NEWS & INSIGHTS
A power spectra tells how much of the power energy is contained in the frequency components of the signal.
Correlations are useful because they can indicate a predictive relationship that can be exploited in practice, or they can be used for explanation or better understanding of the process
Effective visualization helps us to analyze, reason, and make actionable decisions about data and evidence.
Design of Experiments
In industrial experimentation, the Design of Experiments (DOE) is usually the best and fastest way to learn cause-effect correlations between independent (factors, inputs) and dependent (responses, outputs) process variables. It allows for multiple factors to be systematically and simultaneously changed, determining their effect on a desired response. DOE is faster and better than the one-factor-at-a-time method (OFAT) of changing values, and also finds interactions that OFAT misses. DOE can be used to reduce product design and manufacturing costs by finding the optimal combination of values for the input factors.
In manufacturing troubleshooting, it is important to find causal correlations between process and product variables. E.g. variation line speed can cause excessive variation in product quality. Temperature fluctuation in a drying oven can cause product defects. A malfunctioning control system may result in abnormal process behavior. A failing equipment may even cause the process shutdown. To be able quickly determine and eliminate the source of variation in critical process and product variables can greatly increase process uptime and yield. Information about causal correlations is also needed when determining optimal process windows (best combinations of setup values) to develop and manufacture products. In order to control processes, we need to know the effect of changes in control handles on important variables.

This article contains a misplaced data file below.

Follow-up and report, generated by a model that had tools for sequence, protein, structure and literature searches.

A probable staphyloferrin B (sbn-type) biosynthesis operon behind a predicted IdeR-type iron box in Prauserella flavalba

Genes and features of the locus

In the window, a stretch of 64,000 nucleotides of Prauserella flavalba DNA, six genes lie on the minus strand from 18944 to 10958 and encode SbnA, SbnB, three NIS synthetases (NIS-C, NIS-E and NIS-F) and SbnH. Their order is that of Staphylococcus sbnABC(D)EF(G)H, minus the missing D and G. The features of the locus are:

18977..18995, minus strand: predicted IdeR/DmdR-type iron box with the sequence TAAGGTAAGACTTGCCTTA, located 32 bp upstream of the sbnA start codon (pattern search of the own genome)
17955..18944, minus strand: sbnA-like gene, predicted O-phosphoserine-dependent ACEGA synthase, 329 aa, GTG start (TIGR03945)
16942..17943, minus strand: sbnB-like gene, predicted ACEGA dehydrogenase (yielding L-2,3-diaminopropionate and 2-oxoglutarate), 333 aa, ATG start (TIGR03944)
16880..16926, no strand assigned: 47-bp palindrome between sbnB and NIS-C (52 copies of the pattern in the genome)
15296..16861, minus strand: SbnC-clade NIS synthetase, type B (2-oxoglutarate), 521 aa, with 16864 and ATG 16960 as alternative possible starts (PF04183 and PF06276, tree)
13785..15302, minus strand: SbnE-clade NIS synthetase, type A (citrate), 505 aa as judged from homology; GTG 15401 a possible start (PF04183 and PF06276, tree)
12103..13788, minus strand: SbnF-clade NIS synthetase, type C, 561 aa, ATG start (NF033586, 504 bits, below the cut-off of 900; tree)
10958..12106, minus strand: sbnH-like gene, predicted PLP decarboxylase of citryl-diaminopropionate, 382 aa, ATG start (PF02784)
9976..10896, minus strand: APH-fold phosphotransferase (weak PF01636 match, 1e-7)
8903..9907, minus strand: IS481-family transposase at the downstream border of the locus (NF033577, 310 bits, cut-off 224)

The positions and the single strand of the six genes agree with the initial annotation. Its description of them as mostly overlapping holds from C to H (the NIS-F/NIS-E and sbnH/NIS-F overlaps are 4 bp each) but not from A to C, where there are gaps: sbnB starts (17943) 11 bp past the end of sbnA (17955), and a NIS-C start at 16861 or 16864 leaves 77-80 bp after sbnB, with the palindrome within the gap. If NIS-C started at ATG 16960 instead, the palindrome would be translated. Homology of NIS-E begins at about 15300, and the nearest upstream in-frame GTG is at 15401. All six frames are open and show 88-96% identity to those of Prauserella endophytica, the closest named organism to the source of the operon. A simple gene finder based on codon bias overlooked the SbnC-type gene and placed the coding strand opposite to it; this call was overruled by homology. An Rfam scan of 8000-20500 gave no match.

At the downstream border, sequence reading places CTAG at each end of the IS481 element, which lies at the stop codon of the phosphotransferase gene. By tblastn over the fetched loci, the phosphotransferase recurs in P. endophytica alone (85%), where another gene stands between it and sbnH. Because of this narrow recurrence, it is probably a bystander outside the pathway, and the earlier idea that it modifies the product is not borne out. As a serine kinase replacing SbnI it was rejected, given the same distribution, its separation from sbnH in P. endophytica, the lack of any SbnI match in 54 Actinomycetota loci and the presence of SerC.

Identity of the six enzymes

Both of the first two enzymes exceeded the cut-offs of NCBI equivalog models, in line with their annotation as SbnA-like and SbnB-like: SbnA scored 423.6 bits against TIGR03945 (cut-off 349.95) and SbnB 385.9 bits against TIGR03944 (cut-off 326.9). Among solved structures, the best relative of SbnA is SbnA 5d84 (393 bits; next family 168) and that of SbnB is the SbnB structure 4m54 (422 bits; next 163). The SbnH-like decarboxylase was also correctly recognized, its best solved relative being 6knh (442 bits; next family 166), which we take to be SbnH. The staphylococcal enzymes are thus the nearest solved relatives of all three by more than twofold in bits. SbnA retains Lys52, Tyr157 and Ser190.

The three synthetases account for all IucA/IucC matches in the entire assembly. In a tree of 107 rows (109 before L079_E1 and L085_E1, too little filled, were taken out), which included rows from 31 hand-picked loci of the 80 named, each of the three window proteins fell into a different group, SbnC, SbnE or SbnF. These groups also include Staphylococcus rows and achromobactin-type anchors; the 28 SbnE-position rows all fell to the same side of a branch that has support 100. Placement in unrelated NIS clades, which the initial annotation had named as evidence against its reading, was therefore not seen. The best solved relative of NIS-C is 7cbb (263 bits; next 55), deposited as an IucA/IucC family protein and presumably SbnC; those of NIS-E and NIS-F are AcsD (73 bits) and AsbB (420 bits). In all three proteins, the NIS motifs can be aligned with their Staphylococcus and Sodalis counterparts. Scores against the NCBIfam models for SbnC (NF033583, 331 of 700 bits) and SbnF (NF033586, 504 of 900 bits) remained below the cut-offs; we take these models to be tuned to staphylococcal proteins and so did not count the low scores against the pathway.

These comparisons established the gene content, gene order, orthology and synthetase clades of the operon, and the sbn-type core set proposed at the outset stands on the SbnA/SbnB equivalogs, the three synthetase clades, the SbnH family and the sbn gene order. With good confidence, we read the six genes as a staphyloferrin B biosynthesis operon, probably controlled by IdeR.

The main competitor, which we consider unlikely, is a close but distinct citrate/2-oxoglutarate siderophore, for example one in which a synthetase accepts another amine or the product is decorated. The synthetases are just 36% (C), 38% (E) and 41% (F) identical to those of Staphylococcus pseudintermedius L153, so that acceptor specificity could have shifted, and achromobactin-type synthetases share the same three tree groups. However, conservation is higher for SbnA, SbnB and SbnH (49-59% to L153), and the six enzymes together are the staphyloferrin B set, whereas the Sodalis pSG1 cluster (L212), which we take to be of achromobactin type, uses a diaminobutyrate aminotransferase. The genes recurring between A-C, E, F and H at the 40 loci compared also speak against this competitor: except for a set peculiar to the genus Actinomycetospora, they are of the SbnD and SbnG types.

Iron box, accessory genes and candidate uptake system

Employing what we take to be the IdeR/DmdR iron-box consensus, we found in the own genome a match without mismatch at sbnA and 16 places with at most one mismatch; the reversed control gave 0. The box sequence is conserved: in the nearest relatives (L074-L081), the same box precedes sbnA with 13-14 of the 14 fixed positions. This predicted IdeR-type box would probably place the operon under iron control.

New Service provided by Process Data Insights LLC- Low Cost Portable Sensing and Data Collection Toolkit Enables Advanced Analytics
One of the challenges of applying advanced analytics and machine learning to manufacturing processes is quickly obtaining the right data. In many cases maximum knowledge has already been wrung out of existing sensors and process data, and so new measurement capabilities are required to make substantial improvements. For large manufacturers adding new measurement and data collection infrastructure to an existing line takes time and is expensive, and there is no guarantee that the investment will be worthwhile.
Using machine learning it is possible to develop accurate predictive models of industrial processes. In this example we will show how these methods can be used to develop a predictive model for energy output of a combined power plant. We will show how to use the model for what-if analysis and visualization of the process performance and discuss some key considerations for online prediction. The goal of this article is to give a basic introduction to building a predictive model for an industrial process and give some basic understanding of the Machine Learning modeling process and related technology.
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